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California Senate Votes to Ban Styrofoam Containers


The California state legislature has voted to cialis super active canada ban polystyrene foam (aka Styrofoam) take out containers.  Restaurants and mexico pharmacy cialis other vendors will no longer be able to package food or drink in the brand name cialis material starting January 1, 2014.

Polystyrene can take thousands of years to biodegrade in landfills and, in California, it constantly makes its way into storm drains that empty into the ocean and is the second most common type of beach litter.  Basically, it's become an environmental scourge and California is hoping to do away with it.

Fifty jurisdictions in the state have already passed local bans and it's likely that a full house vote in August will make the ban statewide.  With plenty of alternatives available, including compostable containers, businesses should have no problem complying.

via L.A. Times

 

Clean Technology Investments Up 28% in 2010

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Beyond mass-market, all-electric cars finally hitting the roads and new innovations cropping up everyday, the clean technology sector also had a great year from a financial perspective.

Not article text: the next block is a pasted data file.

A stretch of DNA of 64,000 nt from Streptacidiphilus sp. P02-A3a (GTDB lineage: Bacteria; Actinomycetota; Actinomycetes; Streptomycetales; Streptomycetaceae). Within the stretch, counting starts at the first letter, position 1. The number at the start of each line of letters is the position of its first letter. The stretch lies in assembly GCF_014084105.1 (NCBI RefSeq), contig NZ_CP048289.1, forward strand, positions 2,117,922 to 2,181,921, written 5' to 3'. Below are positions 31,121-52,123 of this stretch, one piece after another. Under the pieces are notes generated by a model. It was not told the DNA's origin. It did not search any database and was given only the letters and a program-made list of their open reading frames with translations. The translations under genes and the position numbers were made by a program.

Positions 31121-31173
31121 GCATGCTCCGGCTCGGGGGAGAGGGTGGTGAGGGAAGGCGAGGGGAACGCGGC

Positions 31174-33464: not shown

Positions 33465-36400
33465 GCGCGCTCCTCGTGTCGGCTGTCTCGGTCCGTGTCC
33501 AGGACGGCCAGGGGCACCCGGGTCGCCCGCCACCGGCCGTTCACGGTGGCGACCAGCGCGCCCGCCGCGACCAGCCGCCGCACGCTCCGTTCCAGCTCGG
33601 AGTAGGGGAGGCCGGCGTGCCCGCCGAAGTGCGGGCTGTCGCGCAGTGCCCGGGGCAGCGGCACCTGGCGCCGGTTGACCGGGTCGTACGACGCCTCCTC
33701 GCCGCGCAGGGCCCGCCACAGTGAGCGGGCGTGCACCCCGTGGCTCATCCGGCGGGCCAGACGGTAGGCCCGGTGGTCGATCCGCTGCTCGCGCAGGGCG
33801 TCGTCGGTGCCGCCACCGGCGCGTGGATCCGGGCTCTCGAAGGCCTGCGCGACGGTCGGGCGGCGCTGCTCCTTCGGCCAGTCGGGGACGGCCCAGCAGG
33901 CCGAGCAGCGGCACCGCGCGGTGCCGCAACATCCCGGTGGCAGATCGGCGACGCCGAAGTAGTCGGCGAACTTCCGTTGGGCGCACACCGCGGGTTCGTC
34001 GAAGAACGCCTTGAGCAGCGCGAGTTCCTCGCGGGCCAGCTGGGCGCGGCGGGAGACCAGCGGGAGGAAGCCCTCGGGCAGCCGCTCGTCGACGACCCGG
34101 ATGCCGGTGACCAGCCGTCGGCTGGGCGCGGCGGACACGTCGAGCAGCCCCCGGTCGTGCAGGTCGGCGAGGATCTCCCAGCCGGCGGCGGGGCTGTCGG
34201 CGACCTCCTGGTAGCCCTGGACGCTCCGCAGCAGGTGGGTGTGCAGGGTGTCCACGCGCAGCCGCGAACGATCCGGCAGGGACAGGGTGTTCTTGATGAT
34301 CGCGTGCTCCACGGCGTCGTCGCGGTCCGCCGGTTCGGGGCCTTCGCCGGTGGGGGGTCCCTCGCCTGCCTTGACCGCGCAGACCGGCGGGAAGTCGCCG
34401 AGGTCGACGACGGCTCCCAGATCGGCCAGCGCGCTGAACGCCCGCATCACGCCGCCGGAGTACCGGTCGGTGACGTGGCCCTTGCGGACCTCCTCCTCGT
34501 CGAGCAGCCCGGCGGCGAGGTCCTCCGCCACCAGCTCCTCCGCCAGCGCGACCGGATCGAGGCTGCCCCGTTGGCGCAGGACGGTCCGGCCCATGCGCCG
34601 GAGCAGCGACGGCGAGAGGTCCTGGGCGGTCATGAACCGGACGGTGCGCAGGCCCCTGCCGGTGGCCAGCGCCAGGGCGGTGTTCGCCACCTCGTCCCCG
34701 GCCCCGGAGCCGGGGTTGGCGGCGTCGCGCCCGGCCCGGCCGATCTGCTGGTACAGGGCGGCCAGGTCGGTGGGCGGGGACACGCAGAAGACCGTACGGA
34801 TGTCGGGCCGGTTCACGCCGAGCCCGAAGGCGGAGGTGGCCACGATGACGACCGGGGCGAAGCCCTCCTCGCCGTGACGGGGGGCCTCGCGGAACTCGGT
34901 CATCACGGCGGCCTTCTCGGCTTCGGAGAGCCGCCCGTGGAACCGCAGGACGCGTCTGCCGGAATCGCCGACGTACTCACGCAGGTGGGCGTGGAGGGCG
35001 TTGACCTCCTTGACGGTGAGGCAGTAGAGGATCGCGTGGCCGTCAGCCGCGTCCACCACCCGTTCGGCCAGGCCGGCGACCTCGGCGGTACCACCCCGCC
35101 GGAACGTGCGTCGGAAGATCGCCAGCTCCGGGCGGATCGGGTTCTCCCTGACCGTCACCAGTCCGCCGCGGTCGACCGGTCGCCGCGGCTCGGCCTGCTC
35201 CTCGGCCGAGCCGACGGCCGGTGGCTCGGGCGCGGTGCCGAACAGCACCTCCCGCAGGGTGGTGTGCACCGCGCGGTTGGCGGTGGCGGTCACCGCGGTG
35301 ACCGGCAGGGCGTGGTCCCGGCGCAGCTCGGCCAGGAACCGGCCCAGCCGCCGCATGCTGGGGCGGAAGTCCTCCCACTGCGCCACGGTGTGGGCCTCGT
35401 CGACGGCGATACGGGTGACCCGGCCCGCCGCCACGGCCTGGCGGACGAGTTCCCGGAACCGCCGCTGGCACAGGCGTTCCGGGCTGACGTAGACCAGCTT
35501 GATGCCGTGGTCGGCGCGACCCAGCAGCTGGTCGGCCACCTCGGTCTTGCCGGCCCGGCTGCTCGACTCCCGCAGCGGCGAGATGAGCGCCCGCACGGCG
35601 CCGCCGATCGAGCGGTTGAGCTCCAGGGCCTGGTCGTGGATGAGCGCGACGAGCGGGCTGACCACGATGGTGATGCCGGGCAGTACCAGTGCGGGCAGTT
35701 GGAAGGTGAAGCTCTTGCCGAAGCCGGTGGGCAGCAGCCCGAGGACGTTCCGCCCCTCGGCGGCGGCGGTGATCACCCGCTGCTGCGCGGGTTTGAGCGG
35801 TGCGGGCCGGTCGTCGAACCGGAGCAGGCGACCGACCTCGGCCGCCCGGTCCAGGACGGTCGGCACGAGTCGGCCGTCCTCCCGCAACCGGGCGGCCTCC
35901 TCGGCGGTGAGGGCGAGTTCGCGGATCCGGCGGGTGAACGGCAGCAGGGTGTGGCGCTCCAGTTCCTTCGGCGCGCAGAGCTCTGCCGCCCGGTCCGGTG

Investment in clean technology ventures was up by 28 percent in 2010, hitting $7.8 billion, a nice jump over the $6.1 billon invested in 2009 and putting 2010 in second place behind 2008 ($8.8 billion).  Last year was also a record-setting year in number of investments, with 715 deals being made.

The top sector for investment was solar energy, which claimed 24 percent of the total amount, while energy efficiency was the http://robert-alonso-photos.com/order-generic-viagra sector with the highest number of deals.  North America accounted for most of the investments, capturing 68 percent of the total, and seeing a 45 percent increase over 2009 ($5.28 billion compared to $3.65 billion in 2009).

The single largest deal was the $350 million scored by Better Place in a round that included HSBC, Morgan Stanley and other heavy hitters.